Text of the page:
PROSPECT — The Region 16 Board of Education has given Superintendent of Schools Michael Yamin a new three-year contract.
“As a board, collectively, we’re enthusiastically glad he’s staying with us,” Vice Chairman Robert Hiscox said.
The school board hired Yamin, 52, in 2014 to lead the region, which is comprised of Beacon Falls and Prospect. He worked in the Waterbury school system, including as director of special services and pupil personnel and principal of Kennedy High School, before coming to Region 16.
His new contract runs from July 1, 2021, through June 30, 2024, though the deal includes language that allows him or the board to end it earlier.
The contract increases Yamin’s salary 3% to $201,143 for the 2021-22 fiscal year. His salary will be negotiated before each of the last two years of the deal.
The board also provides Yamin $10,000 a year to invest in a retirement account, an $8,000 annual transportation allowance and $200 per month for using his personal cell phone for work, according to the contract.
Yamin is eligible for the same health care plans offered to school administrators.
Administrators have the option of a preferred provider organization plan or a high deductible health plan for health care, according to the administrators contract. The latter includes a $2,500 deductible for an individual plan and a $5,000 deductible for a family plan. The board contributes half of the deductible to a health savings account.
The region will pay 74.75% of the cost of the PPO plan and 81% of the high deductible plan in the 2021-22 fiscal year.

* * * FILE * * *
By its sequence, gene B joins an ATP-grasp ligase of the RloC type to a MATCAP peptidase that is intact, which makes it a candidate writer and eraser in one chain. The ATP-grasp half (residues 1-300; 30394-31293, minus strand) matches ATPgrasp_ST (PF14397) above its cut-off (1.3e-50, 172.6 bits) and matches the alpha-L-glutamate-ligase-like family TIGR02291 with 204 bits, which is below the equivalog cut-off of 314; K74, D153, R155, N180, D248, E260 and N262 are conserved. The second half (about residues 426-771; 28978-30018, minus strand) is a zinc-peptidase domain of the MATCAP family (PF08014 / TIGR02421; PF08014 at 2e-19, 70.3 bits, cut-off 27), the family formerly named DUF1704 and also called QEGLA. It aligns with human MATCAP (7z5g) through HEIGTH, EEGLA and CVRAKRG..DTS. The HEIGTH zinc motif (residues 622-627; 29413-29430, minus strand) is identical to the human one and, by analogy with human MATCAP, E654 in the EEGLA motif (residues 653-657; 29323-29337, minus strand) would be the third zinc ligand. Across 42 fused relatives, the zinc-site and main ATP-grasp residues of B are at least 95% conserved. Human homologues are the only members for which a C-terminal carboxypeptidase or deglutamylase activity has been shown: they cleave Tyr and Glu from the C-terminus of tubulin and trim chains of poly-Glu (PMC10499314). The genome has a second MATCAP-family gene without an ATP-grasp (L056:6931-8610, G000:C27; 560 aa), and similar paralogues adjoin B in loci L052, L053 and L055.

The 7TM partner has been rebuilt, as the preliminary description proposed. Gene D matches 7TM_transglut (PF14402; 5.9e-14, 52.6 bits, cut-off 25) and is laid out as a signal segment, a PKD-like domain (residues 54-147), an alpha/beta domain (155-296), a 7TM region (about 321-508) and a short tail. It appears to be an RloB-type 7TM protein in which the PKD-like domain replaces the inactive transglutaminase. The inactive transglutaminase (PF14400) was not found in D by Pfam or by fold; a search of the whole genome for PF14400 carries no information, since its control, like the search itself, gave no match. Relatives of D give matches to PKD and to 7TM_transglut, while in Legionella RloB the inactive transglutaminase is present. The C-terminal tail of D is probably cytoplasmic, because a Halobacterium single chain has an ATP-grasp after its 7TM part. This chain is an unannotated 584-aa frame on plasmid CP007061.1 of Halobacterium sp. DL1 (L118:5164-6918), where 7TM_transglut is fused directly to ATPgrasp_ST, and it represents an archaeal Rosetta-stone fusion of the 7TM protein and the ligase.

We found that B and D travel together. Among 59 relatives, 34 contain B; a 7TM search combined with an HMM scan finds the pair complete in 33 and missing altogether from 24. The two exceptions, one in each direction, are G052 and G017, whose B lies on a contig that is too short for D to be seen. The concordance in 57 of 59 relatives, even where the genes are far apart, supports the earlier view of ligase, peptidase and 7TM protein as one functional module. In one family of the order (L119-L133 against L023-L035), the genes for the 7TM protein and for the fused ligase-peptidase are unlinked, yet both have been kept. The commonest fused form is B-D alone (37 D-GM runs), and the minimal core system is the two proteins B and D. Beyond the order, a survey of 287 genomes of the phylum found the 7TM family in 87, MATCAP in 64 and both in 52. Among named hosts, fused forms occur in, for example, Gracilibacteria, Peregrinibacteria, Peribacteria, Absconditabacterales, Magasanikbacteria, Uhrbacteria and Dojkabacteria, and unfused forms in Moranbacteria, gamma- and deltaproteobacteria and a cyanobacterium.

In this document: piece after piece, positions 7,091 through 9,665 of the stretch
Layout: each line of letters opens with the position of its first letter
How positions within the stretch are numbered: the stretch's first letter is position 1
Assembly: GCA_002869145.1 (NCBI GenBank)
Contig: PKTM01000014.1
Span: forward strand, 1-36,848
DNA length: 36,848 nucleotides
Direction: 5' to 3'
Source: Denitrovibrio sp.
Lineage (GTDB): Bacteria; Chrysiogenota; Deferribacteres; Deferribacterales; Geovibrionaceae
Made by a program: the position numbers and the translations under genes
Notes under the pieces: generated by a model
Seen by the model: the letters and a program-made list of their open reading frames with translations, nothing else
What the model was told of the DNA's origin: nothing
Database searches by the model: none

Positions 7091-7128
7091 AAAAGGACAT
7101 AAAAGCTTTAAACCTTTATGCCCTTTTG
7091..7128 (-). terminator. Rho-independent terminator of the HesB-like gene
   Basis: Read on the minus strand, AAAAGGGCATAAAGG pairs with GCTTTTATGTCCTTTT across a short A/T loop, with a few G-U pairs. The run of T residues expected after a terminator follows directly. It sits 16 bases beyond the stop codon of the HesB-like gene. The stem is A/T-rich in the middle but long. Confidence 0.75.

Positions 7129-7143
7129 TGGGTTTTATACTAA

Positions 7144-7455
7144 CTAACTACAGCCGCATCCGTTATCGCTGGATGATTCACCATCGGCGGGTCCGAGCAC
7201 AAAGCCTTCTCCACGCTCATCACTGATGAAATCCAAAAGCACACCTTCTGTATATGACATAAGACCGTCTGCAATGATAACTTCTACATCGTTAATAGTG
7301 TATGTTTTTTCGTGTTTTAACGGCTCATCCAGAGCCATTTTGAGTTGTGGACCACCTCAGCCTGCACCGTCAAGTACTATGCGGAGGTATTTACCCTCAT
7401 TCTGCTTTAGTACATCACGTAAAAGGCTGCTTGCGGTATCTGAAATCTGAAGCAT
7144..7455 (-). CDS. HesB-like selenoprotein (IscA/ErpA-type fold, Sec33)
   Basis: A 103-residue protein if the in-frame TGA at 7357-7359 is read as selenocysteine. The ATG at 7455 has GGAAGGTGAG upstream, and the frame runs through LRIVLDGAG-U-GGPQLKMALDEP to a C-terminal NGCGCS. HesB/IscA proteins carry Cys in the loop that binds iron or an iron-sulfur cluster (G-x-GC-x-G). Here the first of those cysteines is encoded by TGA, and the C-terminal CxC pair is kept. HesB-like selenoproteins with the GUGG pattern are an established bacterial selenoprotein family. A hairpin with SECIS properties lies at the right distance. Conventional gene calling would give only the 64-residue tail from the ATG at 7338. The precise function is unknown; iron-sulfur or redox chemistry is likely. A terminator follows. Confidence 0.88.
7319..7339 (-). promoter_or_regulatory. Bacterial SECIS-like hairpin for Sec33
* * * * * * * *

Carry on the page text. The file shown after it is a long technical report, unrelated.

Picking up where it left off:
Hiscox said Yamin has done an outstanding job for the district, especially with the budget. Overall spending in the region has increased by about $450,000, or about 1%, over the past five years combined.
Hiscox added the board is also pleased with the way Yamin has led the district through the COVID-19 pandemic. He said safeguards were put in place for students and staff, and the region developed a distance learning program that was ahead of other districts.
“We’re excited to have him continue in the district and continue to improve upon what he’s already improved upon,” Hiscox said.
The school board offered a new contract to Yamin last June, but at the time he chose to work under the final year of the present deal and continue discussions.
After agreeing to the new contract, Yamin said he couldn’t see himself leaving the region after the last year or so of hybrid and virtual learning during the pandemic. He said he wanted to stay and help get the region back to normal.
“I think the Board of Education, staff and the community really stepped up during the pandemic,” he said. “We worked as a team and we worked together for the same reasons, which are the kids and the region, and that’s a place that I want to work.”
After dealing with the pandemic and the effects it had on students — anxiety, mental health issues, lack of socialization — reopening as normal as possible next school year is among Yamin’s top goals.
“My first goal is to open a healthy environment for kids coming off the pandemic and also meet the Connecticut Department of Education requirements,” he said.
Yamin said officials also need to develop a plan for continuous student improvement and steady growth. He said he’s concerned that during the pandemic students may not have reached their potential or have fallen behind when they otherwise wouldn’t have in a normal year.
“I’m worried that we may need to increase the amount of intervention services and resources we have for kids,” he said.